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Pizza & Politics

By Kelson Howerton
On April 25, 2018

From left to right: Paul E. Davis, Rupie Phillips, Marty Gearheart.
Photo Courtesy of Kelson Howerton

On April 19, Concord University’s two political organizations, the College Republicans and Young Democrats, held the bipartisan “Pizza & Politics Townhall” in the State Room of the Student Center.

The event consisted of a meet and greet in which attendees could socialize with candidates and an open forum and series of debates featuring candidates from the U.S. Senate, West Virginia State Congress and House of Delegates primaries. The debates were moderated by College Republicans president Jack Garwood, Young Democrats president Zachary Adkins, and event organizer Sumer Cave. They grilled candidates from each level on issues of national and state importance.

Throughout the event, refreshments were provided, including pizza from Moe’s Restaurant and Café.

The debates kicked off with the U.S. Senate candidates, starting with a video appearance from incumbent Senator Joe Manchin. The video, prepared by his staff for the town hall, discussed Manchin’s history and relationship with the state, veterans needs, education in the state, the opioid epidemic, statewide infrastructure, and improving healthcare. The only senate candidate in attendance was Democratic candidate Paula Jean Swearengin. She was introduced by her son, Concord student Logan Swearengin. Since she was the only candidate, Swearengin answered questions from the moderators alone. Throughout the forum, Swearengin gave her stance on healthcare reform, the border wall, abortion, the opioid crisis, medical and recreational marijuana, gun control, free college education, and the issue of dirty money in politics.

Shortly after Swearengin’s talk, the Congressional debate began. Similar to Manchin, the debate started with a video appearance from Democratic candidate Richard Ojeda. The candidates in attendance were Democratic candidate Paul E. Davis and Republican candidates Rupie Phillips and Marty Gearheart. Ojeda was given the debate questions ahead of time, and was able to answer them alongside the other candidates in attendance through a series of videos he recorded earlier in the day. Similar to the Senate debate, candidates discussed topics such as the opioid crisis, the border wall and DACA, energy in West Virginia, abortion, marijuana, gun control, and state-specific concerns, such as energy issues and Keystone, West Virginia, still lacking clean water.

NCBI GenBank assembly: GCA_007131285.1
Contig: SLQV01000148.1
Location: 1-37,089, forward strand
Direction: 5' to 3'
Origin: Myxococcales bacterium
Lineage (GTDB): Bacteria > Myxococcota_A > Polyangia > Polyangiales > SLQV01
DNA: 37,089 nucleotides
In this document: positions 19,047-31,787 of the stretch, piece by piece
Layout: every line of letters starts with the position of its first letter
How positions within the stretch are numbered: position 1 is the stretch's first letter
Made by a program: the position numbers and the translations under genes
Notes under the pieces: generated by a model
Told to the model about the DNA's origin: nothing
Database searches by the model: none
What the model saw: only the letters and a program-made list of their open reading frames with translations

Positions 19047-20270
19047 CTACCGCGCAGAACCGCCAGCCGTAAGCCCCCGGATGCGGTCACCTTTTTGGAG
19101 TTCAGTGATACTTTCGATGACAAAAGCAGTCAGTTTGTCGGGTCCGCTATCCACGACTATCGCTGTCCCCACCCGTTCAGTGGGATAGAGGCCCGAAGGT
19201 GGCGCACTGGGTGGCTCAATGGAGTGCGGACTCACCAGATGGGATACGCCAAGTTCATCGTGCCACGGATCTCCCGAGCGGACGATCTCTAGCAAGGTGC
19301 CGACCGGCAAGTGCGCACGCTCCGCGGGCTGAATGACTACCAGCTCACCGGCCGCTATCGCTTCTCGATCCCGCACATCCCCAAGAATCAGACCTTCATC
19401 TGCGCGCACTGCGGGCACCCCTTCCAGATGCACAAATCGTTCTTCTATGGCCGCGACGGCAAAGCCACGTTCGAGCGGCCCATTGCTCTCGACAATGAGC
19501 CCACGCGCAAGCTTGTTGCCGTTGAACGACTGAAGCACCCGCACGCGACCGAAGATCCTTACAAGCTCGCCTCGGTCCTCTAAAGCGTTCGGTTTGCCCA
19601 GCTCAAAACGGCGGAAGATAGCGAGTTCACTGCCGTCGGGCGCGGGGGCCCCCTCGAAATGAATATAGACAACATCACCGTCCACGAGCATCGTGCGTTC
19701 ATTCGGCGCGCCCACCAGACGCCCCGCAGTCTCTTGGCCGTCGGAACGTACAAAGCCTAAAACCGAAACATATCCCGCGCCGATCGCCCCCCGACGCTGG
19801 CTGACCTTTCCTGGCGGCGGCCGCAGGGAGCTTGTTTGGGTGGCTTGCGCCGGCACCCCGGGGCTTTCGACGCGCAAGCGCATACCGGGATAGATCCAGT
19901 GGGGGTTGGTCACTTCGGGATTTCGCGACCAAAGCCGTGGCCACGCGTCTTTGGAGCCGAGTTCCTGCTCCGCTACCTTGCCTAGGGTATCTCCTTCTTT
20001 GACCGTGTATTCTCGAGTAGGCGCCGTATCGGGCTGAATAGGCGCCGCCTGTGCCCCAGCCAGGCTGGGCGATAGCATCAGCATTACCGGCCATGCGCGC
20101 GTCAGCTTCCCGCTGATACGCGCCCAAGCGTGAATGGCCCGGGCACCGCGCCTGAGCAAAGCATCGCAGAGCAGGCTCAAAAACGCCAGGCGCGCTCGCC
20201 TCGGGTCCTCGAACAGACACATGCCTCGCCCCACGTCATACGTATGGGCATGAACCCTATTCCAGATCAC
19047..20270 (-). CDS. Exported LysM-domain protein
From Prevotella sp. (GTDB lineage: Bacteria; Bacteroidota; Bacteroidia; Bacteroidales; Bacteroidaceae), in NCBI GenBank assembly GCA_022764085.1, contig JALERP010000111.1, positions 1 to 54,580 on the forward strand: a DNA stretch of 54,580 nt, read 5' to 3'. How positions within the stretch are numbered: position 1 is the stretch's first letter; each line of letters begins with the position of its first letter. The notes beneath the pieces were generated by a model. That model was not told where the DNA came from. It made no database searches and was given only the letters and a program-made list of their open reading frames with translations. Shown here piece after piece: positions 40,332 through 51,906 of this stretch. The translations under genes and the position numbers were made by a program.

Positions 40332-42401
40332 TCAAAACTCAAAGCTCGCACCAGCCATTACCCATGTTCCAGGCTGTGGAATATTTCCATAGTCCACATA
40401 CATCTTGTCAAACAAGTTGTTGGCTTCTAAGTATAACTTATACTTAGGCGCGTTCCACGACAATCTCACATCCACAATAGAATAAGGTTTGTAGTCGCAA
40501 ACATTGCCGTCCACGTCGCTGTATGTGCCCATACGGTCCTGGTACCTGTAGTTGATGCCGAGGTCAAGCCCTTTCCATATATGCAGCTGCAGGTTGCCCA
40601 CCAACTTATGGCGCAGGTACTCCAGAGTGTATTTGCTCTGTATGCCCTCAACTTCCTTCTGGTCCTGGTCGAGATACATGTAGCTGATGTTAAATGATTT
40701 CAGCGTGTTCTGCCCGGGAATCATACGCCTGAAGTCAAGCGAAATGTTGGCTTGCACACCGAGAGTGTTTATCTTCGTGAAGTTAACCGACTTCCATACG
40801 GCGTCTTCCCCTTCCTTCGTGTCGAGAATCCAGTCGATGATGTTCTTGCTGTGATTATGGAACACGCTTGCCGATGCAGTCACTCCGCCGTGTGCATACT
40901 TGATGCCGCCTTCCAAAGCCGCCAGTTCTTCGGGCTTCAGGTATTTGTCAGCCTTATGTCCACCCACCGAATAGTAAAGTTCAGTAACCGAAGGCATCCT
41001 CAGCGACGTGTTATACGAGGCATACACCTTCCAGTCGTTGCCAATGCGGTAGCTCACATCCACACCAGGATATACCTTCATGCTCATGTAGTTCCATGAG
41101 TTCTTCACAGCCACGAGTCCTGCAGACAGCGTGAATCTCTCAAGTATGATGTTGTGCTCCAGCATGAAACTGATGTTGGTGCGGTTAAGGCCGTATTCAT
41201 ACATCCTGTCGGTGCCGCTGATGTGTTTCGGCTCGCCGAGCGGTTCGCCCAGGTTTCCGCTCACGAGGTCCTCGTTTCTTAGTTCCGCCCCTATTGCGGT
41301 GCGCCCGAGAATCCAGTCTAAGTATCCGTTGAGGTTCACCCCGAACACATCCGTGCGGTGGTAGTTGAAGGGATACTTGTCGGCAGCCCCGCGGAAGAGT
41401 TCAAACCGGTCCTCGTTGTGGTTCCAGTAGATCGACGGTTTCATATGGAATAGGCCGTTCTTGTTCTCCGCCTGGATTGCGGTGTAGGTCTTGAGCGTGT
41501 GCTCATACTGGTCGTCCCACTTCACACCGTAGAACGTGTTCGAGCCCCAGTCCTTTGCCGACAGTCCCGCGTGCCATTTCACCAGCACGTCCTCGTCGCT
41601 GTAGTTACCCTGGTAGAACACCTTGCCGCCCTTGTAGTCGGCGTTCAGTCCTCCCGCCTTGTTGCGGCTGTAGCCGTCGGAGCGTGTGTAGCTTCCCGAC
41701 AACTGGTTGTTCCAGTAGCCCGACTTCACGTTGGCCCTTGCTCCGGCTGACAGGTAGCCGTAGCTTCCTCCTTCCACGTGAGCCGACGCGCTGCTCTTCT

The debates closed out with the largest of the night, featuring ten candidates from the House of Delegates race. The House candidates in attendance were Republican candidates Zane Lawnhorn and incumbent Joe Ellington for District 27 and Brandon Steele for District 29; Democratic candidates Phoebe Jeffries, Carol Baily, and Lacy Watson for District 27, Andrew Evans and Sandy Shaw for District 28, and Selina Vickers for District 32; and Mountain Party candidate Elliott Pritt for District 32. The panel discussed both national and sate-focused topics such as the place of religion in public schools, the opioid crisis, medical and recreational marijuana, abortion, and gun control.

Dr. Jim White, professor of Political Science at Concord, said he was proud of the students that put the event together. “I thought everybody did a great job,” Dr. White “I thought our students were fantastic, as they always are. The candidates were great. They were very generous with their time; they gave interesting answers. The audience was good. Nights like tonight are great and they show what an important part of this community that Concord is.”

Sumer Cave, who organized the event alongside the College Republicans and Young Democrats and moderated the debates, was happy with the success of the night. “I personally feel relieved,” Cave said. “It was just a lot of energy and effort that was put into the event, and I feel like it really showed because we had a really good turnout and a lot of engagement.”

To watch the full debates, recordings of the U.S. Senate and Congressional Debates can be found on the Facebook page Pizza & Politics Southern WV.

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